IEC 60909 vs ANSI/IEEE 141 Short-Circuit Current Calculations

Short-circuit calculation is one of the most important work to be undertaken in plant power distribution. A comprehensive, detailed and accurate short-circuit currents will be used in switchgear selection, protection settings and coordination.

Traditional short-circuit calculation primarily calculate the steady-state currents as they are significantly easier to calculate than transient or electromagnetic simulations. Steady-state currents however often fail to correctly calculate the AC and DC decay resulting from rotating machines which have notable contribution to the overall fault current at the fault. Steady-state calculations use only fixed impedances for rotating machines.

ANSI/IEEE 141 gives detailed guidelines on the short circuit calculations methodology and data requirements. The method presented in this standard is one of the simplest steady-state SCC in terms of the computational requirements. The machine impedances used for the calculation are mainly sub-transient reactances. The standard assumes unloaded network conditions, which means that the pre-fault load flow calculation for the network is not required.

The peak short-circuit current can be calculated multiplying the initial momentary SC current by a crest factor of 2.7. AC and DC decaying are encountered through use of the specified decrement factors. These factors depend on the X/R ratio of the fault impedance and the circuit breaker contact parting time. These will be different for near-to and far-from generators faults.

IEC 60909 short-circuit calculation is similar to the short-circuit current calculation ANSI/IEEE 141. The most important differences are the use of a voltage correction factors (c=1.1 for high-voltage networks) and impedance correction factors. The use of a voltage correction factor c increases the pre-fault magnitude of the voltage source applied to the network by 10%. This makes the fault current at least 10% higher and sometimes leads to more conservative results. The impedances of rotating machines are constant in this calculation. These constant impedances for synchronous machines are calculated using sub-transient impedances and the corresponding impedance correction factors. The impedances used for asynchronous (induction) motors are calculated using the locked rotor impedance values.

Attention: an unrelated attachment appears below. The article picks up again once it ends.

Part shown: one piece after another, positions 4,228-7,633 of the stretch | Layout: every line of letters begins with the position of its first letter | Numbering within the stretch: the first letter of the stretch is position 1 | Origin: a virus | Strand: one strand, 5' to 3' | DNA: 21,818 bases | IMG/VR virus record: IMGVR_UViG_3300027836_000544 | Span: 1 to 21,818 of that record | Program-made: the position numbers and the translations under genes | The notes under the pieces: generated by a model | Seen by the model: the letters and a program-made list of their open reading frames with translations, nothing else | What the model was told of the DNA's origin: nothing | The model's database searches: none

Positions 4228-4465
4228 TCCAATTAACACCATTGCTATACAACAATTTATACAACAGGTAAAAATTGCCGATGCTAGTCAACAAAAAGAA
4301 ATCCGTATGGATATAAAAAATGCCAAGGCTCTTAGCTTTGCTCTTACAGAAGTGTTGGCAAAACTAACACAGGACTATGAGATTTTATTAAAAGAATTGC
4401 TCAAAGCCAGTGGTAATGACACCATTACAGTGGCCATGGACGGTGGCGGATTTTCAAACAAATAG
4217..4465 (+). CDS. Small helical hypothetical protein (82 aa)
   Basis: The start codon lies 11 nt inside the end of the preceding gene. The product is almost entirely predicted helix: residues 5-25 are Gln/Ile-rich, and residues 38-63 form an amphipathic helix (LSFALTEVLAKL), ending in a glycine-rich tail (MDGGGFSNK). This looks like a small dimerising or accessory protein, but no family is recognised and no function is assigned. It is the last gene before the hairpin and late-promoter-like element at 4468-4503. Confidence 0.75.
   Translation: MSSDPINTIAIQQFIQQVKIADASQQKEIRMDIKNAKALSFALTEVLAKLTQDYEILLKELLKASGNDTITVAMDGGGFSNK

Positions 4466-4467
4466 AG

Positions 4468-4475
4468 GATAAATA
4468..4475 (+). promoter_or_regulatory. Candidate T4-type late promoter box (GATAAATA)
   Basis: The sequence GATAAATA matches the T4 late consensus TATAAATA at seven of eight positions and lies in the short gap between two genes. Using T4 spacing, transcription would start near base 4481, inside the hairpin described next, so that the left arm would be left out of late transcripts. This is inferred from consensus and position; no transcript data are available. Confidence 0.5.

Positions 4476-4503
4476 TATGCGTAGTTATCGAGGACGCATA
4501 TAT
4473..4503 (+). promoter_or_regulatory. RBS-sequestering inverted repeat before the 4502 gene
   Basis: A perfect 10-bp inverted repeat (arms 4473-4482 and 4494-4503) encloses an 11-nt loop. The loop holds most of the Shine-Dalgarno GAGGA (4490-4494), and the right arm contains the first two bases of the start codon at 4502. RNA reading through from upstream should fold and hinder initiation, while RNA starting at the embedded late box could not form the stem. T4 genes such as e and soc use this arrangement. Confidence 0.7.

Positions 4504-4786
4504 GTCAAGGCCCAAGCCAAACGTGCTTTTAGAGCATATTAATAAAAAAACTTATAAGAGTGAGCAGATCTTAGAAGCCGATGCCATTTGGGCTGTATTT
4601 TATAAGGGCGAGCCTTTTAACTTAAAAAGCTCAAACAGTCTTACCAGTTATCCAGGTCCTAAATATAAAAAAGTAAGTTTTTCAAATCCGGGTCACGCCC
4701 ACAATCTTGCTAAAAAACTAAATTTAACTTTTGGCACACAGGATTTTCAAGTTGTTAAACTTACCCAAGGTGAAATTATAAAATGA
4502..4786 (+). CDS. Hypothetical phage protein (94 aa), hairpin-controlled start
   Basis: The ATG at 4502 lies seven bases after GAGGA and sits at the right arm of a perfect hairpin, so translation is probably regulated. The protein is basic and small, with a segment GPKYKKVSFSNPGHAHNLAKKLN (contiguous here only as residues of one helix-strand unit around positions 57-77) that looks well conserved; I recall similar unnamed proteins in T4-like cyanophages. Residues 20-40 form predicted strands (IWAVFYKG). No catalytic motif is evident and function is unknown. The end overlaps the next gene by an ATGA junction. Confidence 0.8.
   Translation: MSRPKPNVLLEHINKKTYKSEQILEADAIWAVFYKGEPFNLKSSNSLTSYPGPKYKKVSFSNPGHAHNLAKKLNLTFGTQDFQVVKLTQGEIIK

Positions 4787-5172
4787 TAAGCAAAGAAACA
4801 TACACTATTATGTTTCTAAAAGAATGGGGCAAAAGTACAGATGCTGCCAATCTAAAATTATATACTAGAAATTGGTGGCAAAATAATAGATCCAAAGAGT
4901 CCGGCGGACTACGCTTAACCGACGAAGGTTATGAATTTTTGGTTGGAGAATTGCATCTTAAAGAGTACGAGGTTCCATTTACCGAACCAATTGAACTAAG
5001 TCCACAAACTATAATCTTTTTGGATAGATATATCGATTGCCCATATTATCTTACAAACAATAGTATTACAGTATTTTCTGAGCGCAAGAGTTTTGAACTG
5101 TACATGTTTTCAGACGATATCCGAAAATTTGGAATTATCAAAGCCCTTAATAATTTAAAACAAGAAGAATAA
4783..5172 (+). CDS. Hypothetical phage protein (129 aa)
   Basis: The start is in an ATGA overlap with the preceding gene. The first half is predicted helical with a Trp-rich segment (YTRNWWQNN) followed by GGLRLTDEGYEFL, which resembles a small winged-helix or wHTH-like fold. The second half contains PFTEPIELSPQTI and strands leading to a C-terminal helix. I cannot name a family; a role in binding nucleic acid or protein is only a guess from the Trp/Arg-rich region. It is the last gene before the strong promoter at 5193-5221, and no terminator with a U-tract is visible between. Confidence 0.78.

References:
1. IEEE Std 141-1993 IEEE Recommended Practice for Electric Power Distribution for Industrial Plants
2. CIRED - 19th International Conference on Electricity Distribution Vienna, 21-24 May 2007 Paper 0562

About the Author

Ver Pangonilo
A Filipino Engineer, Registered Professional Engineer of Queensland (RPEQ) - Australia and Professional Electrical Engineer (PEE) - Philippines with extensive experience in concept select, front-end engineering, HV & LV detail design, construction and commissioning of Hazardous and Non-Hazardous Area electrical installations in water and waste water pipeline and pumping facilities, offshore platforms, hydrocarbon process plants and pipelines including related facilities. Hazardous area classification and design certification (UEENEEM015B, UEENEEM016B, UEENEEM017B).
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